Fortunately, the watchful eye of my future mother-in-law that first Christmas resulted in a small cooked ham, just the right size for one, has made its way to the feasting table each holiday, year after year since. She is a gem that woman.

The Swenglish Thanksgiving is representative of our Swenglish life here in the house at the top of the hill. We have two languages going on at all times, we have two Santas who come each year, “Tomten” on Christmas Eve who visits the house and hands out the gifts himself and the Canadian Santa who makes his way to us during the night then dashes back to Canada. We have prinskorv with turkey and bullar with brownies. We have herring in mustard sauce on sandwiches for breakfast with Kellogg’s Cornflakes in a bowl. We have pancakes for evening food and much to the chagrin of Swedes, pancakes for breakfast! We have mashed potatoes on hotdogs. Okay, that’s carrying it a bit far. Only my husband likes that!

So to Canadians far and wide, it doesn’t matter how you celebrate it, it just matters that you are thankful for the good in your life. Happy Thanksgiving!

Not Very Swedish or Am I?

Let’s face it, Swedish is not the easiest language to learn but if you trudge through the mud enough, you’re bound to find green grass somewhere. And so is the life of yet another, dare I say, foreigner.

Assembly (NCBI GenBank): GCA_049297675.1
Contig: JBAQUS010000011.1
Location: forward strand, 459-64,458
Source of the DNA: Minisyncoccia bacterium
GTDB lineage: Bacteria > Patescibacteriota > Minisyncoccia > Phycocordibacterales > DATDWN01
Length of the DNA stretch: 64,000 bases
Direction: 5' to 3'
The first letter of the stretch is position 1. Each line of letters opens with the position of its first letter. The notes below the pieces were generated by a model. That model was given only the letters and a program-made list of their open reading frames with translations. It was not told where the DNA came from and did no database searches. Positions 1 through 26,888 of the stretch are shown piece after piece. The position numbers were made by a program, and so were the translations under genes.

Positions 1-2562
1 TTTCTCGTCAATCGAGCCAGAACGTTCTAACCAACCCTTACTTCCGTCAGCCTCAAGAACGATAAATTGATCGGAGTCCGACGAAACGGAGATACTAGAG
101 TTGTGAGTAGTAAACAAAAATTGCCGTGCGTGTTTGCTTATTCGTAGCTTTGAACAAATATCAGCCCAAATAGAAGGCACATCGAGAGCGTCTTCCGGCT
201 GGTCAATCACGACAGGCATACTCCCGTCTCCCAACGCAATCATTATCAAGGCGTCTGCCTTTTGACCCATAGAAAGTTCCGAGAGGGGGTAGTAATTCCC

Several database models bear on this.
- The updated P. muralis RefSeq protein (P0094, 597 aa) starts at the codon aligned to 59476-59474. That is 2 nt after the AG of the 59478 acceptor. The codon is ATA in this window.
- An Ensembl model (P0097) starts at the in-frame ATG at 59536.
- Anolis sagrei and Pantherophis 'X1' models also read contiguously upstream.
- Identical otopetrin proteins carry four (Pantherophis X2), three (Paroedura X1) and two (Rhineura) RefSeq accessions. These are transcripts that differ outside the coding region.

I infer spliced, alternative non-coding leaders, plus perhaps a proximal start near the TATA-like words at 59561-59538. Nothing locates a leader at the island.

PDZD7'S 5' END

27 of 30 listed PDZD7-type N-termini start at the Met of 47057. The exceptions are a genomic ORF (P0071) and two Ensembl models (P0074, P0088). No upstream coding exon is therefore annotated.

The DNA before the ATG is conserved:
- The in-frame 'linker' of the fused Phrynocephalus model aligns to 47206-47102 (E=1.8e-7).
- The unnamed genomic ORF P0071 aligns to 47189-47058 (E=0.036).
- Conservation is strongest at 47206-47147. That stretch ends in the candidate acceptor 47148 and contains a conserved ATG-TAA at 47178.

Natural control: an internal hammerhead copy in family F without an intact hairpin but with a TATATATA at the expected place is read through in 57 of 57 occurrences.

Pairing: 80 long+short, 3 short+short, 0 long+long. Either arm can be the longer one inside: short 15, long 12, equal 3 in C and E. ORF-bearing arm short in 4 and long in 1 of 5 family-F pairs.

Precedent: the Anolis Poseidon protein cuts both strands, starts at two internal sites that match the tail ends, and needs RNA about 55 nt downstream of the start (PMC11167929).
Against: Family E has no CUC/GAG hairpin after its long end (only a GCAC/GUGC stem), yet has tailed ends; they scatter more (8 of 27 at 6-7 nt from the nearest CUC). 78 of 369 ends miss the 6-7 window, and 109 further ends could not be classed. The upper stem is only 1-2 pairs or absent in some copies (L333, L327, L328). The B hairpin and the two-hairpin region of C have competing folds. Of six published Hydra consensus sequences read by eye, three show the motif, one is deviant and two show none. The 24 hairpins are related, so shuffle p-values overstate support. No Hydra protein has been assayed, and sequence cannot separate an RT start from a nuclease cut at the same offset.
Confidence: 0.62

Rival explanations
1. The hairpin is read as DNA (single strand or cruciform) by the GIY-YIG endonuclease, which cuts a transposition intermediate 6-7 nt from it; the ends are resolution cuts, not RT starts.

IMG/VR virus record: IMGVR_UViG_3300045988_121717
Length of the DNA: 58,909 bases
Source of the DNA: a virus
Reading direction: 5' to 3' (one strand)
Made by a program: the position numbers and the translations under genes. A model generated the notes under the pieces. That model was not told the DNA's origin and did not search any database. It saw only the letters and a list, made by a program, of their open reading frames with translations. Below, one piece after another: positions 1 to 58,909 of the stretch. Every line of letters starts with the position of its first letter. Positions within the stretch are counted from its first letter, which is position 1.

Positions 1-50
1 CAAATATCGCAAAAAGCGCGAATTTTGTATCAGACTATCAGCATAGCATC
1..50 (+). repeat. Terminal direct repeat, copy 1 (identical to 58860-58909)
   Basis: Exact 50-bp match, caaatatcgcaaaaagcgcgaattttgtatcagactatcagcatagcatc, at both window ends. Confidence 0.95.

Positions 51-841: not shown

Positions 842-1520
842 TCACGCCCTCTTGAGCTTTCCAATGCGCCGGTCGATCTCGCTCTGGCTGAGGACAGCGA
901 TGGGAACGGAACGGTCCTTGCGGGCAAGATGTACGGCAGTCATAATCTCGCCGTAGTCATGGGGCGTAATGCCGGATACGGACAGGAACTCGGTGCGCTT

Being back in Sweden after three years in the United States, I’ve got culture and language on my mind – hence another expat and not-so expat blog post. It’s one of those things you can’t avoid. It was lovely the other day, having fika (coffee time) with two friends from England. One has only been living in Sweden for eighteen months so we were teaching her how to manage with the language. “Say plenty of Ah’s and Mmm’s and learn how to suck in a sudden gulp of air into your throat as though you were choking in the middle of a conversation, and you will manage just fine.”

I once counted how many “Ah’s” I heard in a short Skype conversation between my husband and his father. Twenty-two! Twenty-two times of letting the other person know you are still alive, that you either agree with them, mean yes or haven’t quite decided while bobbing your head sideways just a little. Some Swedes gulp air more than other Swedes. Thank goodness my husband very rarely does this, but having a conversation with the women in our extended family here makes me jumpy, as air is gulped far too often for comfort.